There’s a big event in LA in January every year where they have technology on show, and what struck me most is that the technology is way ahead of the content and I think how we engage with the technology companies and how entertainment is brought into that sphere is the name of the game really.
“You can do anything from walking on Pluto, to free driving under the sea, to swimming with dolphins or being in a refugee camp”
I think we’re the start of it, it’s a very new age and a lot will change over the next 10 years.
I: You talked about the Virtual Reality Studio, what can viewers expect from a film experience like that?
In there, you can do anything from walking on Pluto, to free driving under the sea, to swimming with dolphins or being in a refugee camp so there’s about 25 different films on show, giving you a whole range of different experiences. It’s mind boggling and they’re very impressive.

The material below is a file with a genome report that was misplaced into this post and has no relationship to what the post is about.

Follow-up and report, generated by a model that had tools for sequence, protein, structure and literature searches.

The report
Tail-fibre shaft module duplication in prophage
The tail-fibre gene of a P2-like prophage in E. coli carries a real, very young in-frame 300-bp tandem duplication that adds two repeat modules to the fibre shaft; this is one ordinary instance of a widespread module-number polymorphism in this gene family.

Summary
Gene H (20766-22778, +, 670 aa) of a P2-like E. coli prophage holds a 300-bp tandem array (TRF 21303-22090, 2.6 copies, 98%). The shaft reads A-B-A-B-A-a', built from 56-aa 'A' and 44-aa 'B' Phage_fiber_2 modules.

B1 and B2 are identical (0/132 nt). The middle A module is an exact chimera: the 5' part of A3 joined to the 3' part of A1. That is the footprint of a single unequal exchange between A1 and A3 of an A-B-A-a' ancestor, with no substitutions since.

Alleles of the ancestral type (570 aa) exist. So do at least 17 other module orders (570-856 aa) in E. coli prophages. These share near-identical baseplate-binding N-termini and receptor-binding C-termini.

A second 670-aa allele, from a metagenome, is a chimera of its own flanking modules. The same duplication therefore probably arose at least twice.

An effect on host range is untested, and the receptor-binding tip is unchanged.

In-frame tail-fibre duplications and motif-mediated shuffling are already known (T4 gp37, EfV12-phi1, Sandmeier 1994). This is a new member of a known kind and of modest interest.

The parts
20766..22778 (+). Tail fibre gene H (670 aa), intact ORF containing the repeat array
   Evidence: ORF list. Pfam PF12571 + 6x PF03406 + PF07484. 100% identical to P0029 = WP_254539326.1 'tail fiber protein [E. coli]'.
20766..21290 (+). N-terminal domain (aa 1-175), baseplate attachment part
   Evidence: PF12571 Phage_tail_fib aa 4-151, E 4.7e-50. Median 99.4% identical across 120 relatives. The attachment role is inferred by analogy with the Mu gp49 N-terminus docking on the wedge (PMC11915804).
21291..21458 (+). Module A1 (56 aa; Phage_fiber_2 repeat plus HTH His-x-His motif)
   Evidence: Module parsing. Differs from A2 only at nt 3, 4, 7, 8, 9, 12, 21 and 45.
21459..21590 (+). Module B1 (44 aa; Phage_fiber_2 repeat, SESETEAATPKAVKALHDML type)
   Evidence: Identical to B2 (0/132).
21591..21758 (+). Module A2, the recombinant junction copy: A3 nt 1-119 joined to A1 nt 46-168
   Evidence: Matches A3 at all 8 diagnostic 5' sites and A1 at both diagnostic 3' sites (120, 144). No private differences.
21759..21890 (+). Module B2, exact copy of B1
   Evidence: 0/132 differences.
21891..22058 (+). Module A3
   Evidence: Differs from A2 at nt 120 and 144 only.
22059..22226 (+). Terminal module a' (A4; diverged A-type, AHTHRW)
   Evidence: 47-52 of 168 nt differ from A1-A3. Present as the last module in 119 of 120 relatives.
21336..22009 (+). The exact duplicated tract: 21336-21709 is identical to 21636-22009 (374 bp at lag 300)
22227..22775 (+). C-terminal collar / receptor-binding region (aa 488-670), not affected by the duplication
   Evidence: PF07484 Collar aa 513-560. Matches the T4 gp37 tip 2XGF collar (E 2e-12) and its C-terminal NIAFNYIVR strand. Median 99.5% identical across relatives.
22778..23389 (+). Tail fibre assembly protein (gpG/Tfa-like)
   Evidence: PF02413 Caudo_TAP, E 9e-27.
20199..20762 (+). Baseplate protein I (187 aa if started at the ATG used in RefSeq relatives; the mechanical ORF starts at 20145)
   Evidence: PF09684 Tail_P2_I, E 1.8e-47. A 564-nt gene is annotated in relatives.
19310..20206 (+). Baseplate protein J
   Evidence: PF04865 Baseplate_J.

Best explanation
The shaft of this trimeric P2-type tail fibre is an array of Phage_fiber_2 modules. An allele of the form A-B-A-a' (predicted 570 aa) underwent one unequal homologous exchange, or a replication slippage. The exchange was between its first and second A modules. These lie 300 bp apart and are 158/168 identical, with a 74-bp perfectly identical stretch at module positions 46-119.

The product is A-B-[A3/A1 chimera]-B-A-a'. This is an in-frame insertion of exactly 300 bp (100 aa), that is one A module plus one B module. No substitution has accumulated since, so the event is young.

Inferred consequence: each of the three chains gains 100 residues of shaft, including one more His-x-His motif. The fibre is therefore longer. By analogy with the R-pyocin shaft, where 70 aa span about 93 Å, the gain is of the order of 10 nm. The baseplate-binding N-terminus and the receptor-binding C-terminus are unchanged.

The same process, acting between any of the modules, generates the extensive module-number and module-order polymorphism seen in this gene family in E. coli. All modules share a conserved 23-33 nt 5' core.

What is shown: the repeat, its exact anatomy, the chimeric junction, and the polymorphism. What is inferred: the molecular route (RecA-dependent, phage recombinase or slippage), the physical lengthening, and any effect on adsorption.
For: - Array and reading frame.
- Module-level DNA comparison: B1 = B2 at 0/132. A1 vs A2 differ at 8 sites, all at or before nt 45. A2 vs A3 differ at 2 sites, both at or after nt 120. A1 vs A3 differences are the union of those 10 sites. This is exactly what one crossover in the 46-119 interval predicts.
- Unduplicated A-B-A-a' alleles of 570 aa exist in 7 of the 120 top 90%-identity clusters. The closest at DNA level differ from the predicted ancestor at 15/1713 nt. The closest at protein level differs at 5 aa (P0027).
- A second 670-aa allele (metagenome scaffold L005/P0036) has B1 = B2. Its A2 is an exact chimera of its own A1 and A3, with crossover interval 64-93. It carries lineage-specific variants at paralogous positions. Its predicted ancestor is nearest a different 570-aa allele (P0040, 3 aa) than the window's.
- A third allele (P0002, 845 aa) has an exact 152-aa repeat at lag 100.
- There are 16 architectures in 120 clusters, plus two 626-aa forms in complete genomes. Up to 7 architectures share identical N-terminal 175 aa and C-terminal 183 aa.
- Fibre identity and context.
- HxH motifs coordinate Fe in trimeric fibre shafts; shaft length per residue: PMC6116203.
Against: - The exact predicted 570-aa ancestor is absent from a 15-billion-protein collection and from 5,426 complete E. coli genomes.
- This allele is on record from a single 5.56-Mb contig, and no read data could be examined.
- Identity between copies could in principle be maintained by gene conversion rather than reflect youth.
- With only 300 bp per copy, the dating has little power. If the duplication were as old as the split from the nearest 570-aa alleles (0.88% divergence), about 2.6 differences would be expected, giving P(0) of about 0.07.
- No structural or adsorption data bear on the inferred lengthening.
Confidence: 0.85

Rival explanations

I: Seeking Home’, a documentary on migrants and refugees in the Calais camp, is described as a 360 degree virtual reality video. Do you think there’s a big difference between watching something on a 360 degree screen to a two-dimensional one, and how important is that for a film experience?
I think it makes it much more real, because you’re there as opposed to seeing it at an arms length, a bit like breaking the fourth wall at the theatre. When you’re in a space, seeing it at a distance, you feel like it’s not a part of you and you can distance yourself from it. The psychology of wearing a headset means you’re in the middle of it, and it makes it very real.